In 1983 Edward R. Tufte published an immensely influential book entitled The Visual Display of Quantitative Information. The gist of the book is that graphing data is (or should be) a sophisticated art. If you want to convey useful information to your reader, you have to think about the presentation, not just slap data on a page any which way. Tufte's main peeve is with graphs that present data inefficiently or ineffectively, so that you look at them and don't really know what they're saying. A related subject is that the same information can be presented graphically in different ways to make different points.At right, I've shown a piece of the North America chart from the Light Pollution Atlas re-mapped to a conical projection. On looking at it, most people's first reaction is "My goodness, almost half of the U.S. is brilliantly lit." Whether intentional or not, that's a direct result of the colors chosen to represent different levels of light pollution. (From darkest to lightest, they're black, gray, blue, green, yellow, orange, red, and white.) The most prominent color in this map is green. That's not surprising, since the human eye is most sensitive to that color, and this is the greenest green that you computer monitor can produce, with all the green pixels firing at maximum, and all the other pixels turned off. To my mind, this is somewhat misleading. Logically, the colors ought to go from darkest to brightest. But the orange zone appears distinctly darker than the green zone, belying the fact that skies are in fact 9× brighter in the orange than in the green. Shown at right is a very minor tweak, using darker versions of green and yellow. This makes the colors more of a continuum, and it's also more faithful to the underlying reality. In fact, the typical reaction of urbanites or suburbanites on first visiting the green zone is that skies are darker there than they ever imagined could be possible. The differences may be more apparent in a closeup view. At right is an excerpt from the original map showing the northeastern U.S. and southeastern Canada. Detroit is on the left; Philadelphia and New York are near the bottom right of center; and Ottawa, Montreal, and Québec City (left to right) are above them near the top of the map. Prominently dark are the Great North Woods of Maine and the far greater woods of Canada. Less dark but also notable are the Adirondacks southwest of Montreal and the Alleghenies west-northwest of New York City. It looks as though New Yorkers have to go a long, long way to escape light pollution. Here's the same region using my revised colors. This more or less matches my perception of the Northeast. It's now apparent that there's an almost unbroken corridor of reasonably dark sky — green at the worst — running down the backbone of the Appalachian Mountains. It's a long drive to a gray area from Boston or New York, but there are pockets of green — areas where the Milky Way is very attractive indeed — not too far away. Here's a more drastic representation of the same data, which would probably seem appropriate to a typical backyard astronomer with little experience of dark skies. I've cranked green and yellow way down so that they look almost dark and boosted red to be a shade of white. Now the main contrast is between areas where the Milky Way is prominent (yellow and darker) and areas where the Milky Way is faint or invisible (red and white), with orange as a transition zone. This would be my guide if looking for a weekday observing site, where long drives are out of the question. Ideally, I would head for yellow or green, but in practice, I would just try to get out of red or white.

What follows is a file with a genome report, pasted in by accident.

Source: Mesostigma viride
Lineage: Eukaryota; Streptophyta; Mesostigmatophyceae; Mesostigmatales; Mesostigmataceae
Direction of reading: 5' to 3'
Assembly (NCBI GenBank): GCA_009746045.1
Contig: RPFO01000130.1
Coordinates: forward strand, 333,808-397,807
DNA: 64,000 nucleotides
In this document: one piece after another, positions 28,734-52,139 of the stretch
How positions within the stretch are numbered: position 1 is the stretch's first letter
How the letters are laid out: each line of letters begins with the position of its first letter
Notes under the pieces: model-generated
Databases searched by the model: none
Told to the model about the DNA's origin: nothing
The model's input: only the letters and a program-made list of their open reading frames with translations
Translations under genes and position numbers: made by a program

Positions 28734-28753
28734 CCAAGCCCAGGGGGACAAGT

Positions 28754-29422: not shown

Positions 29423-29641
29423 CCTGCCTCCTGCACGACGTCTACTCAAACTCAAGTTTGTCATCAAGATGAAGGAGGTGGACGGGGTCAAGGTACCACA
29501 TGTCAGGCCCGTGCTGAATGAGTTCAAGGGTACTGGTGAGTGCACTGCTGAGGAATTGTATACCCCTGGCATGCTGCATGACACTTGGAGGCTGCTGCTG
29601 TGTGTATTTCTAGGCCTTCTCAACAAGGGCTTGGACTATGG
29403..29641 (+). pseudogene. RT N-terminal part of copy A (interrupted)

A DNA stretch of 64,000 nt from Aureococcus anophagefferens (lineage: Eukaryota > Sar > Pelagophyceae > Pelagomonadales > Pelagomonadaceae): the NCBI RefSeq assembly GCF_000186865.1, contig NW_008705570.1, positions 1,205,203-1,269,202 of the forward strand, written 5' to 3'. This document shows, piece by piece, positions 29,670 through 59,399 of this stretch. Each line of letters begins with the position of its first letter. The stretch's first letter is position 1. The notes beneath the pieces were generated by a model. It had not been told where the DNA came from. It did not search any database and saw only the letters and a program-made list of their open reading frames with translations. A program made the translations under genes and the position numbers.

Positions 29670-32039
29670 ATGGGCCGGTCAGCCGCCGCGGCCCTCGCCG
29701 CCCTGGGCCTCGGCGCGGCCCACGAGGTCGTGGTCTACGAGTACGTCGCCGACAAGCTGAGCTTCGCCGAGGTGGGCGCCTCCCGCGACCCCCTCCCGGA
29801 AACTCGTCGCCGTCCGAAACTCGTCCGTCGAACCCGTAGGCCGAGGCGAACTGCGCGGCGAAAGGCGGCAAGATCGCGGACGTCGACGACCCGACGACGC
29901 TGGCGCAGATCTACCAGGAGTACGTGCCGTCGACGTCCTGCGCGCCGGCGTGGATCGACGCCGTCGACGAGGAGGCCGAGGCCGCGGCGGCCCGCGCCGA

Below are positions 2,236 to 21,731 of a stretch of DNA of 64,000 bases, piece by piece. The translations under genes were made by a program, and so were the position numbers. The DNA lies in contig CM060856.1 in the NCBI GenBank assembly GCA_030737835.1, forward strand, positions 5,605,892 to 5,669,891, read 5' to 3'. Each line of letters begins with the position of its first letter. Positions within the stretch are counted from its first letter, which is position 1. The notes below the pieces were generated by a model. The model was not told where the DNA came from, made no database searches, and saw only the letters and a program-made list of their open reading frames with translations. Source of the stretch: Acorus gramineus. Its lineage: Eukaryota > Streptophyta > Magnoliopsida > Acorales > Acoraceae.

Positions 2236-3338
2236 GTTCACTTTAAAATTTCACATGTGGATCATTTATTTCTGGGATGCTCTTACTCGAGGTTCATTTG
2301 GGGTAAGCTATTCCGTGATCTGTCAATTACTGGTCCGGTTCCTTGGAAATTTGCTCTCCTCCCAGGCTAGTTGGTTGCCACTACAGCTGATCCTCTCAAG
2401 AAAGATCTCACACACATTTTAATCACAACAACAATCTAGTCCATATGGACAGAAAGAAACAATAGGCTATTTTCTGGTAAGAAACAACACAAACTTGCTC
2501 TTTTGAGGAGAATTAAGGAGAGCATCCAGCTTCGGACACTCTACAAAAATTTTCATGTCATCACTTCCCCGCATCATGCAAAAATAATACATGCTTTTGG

Which of these versions matches your perception of the light pollution around you?